|Viral Genomics and Vaccination - CNRS URA 3015|
|HEAD||Dr. TANGY Frédéric / firstname.lastname@example.org|
|MEMBERS||BRANDLER Samantha PhD Student / CAIGNARD Grégory PhD Student / COMBREDET Chantal Technician IP / FEVRIER Michèle CR1 CNRS / GAU Mireille Secretary IP / GUERBOIS Mathilde PhD Student / KOMAROVA Anastasia Post-doc Researcher
LUCAS-HOURANI Marianne Engineer IP / MESEL-LEMOINE Mariana Post-doc Researcher / MILED Chaouki Post-doc Researcher / NAJBURG-LABROUSSE Valérie Technician IP / RUFFIE Claude Technician IP / VABRET Nicolas PhD Student / VIDALAIN Pierre-Olivier CR2 CNRS
Bivalent vaccines derived from measles vaccine
The measles vaccine has been administered to hundreds of millions of children over the last 30 years and has proved both effective and safe, inducing life-long immunity after only one injection. It is produced on a large scale in many countries and is distributed at low cost through the Expanded Program on Immunization of WHO. These characteristics led us to consider its use as a pediatric vector designed to protect children against measles and simultaneously to immunize them against other infections, such as AIDS, malaria or flaviviral diseases. These affordable recombinant vaccines might be attractive for the developing word.
With this aim, we cloned the genome of the attenuated Schwarz strain of the measles virus (MV) and made it into a vector by inserting new transcriptional units. We demonstrated the strong and stable expression from this vector of genes encoding proteins from HIV, West Nile or dengue viruses. These vectors are immunogenic in mice transgenic for MV receptor and in macaques. Recombinant vaccines expressing the HIV Env gene with deletions of the hypervariable sequences induced neutralizing antibodies and T-cell responses after a single injection. Pre-existing immunity to the vector did not affect the immunogenic potential of the vectors, since two successive injections led to the induction of anti-HIV antibodies in mice and macaques previously vaccinated with standard vaccine. An immunization/challenge experiment performed on macaques using MV-SHIV89.6 vectors demonstrated strong cellular responses and reduction of viral load during primo-infection after a rectal SHIV89.6 challenge. A clinical development program has been initiated in collaboration with GlaxoSmithKline aiming to test in phase I/II clinical trials the safety of MV-HIV vector and its capacity to induce immune responses to HIV in humans.
Concerning flaviviruses, we demonstrated that a single injection of MV vector expressing the Env protein of West Nile virus induced protection against experimental challenge in mice and monkeys. This year, we have produced a measles-dengue recombinant vaccine expressing a new combined antigen from the four serotypes of dengue virus and demonstrated its capacity to induce durable specific neutralizing antibodies to dengue virus.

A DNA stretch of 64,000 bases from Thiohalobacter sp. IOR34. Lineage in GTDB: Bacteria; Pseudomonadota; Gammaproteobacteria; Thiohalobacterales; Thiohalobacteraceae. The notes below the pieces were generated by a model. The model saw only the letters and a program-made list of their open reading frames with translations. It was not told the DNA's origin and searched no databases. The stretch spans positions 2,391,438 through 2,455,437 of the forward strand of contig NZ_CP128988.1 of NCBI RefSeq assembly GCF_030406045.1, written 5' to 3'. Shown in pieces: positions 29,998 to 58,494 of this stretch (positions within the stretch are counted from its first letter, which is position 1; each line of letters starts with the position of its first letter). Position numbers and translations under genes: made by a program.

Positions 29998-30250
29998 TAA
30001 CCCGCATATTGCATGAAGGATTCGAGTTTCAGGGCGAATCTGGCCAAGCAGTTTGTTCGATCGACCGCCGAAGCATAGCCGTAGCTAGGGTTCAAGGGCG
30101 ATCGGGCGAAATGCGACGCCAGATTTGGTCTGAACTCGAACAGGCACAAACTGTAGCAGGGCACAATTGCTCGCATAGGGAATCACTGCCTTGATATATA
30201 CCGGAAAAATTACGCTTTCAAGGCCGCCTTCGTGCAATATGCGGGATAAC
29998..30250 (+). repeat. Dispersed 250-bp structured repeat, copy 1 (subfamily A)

Proteomics of virus-host interactions
To identify virus-host protein-protein interactions that determine virulence and pathogenesis, we have developed a large-scale mapping project based on high-throughput technologies, including recombination-based cloning and state-of-the-art yeast two-hybrid. Our screening platform is now fully operational and more than 100 screens a year can be performed. Using this tool, we have identified hundreds of virus-host protein-protein interactions, taking advantage of the unique collection of viruses available at Institut Pasteur. Besides collaborative programs developed inside or outside of this institution, our efforts now focus on two viral families of higher interest for our research group : Paramyxoviridae and arboviruses from flavivirus and alphavirus genera such as Chikungunya virus. Although we are still in the process of screening arboviral proteins, we have already identified a large number of interactions between Paramyxoviridae and cellular proteins. More than 100 cellular proteins have been characterized as potential interactors of viral factors encoded by measles, Nipah, mumps, human parainfluenza 3 or Tioman viruses. This network of virus-host interactions, which interfaces virulence factors and cellular mediators of innate immune response, will be used to identify targets for generic antiviral drugs. Functional assays are currently under development to validate these interactions and isolate interaction-disrupting compounds with antiviral activity. As part of this project, we recently demonstrated the critical role of measles virus interaction with STAT1 and Jak1 in the inhibition of type I interferon pathway by this virus. In the near future, we will develop mammalian-based systems to screen chemical compounds libraries and isolate molecules that disrupt key virus-host interactions previously identified.
Keywords: measles virus, HIV, Chikungunya virus, vaccine, interactome, yeast two-hybrid, antiviral molecules
Activity Reports 2007 - Institut Pasteur
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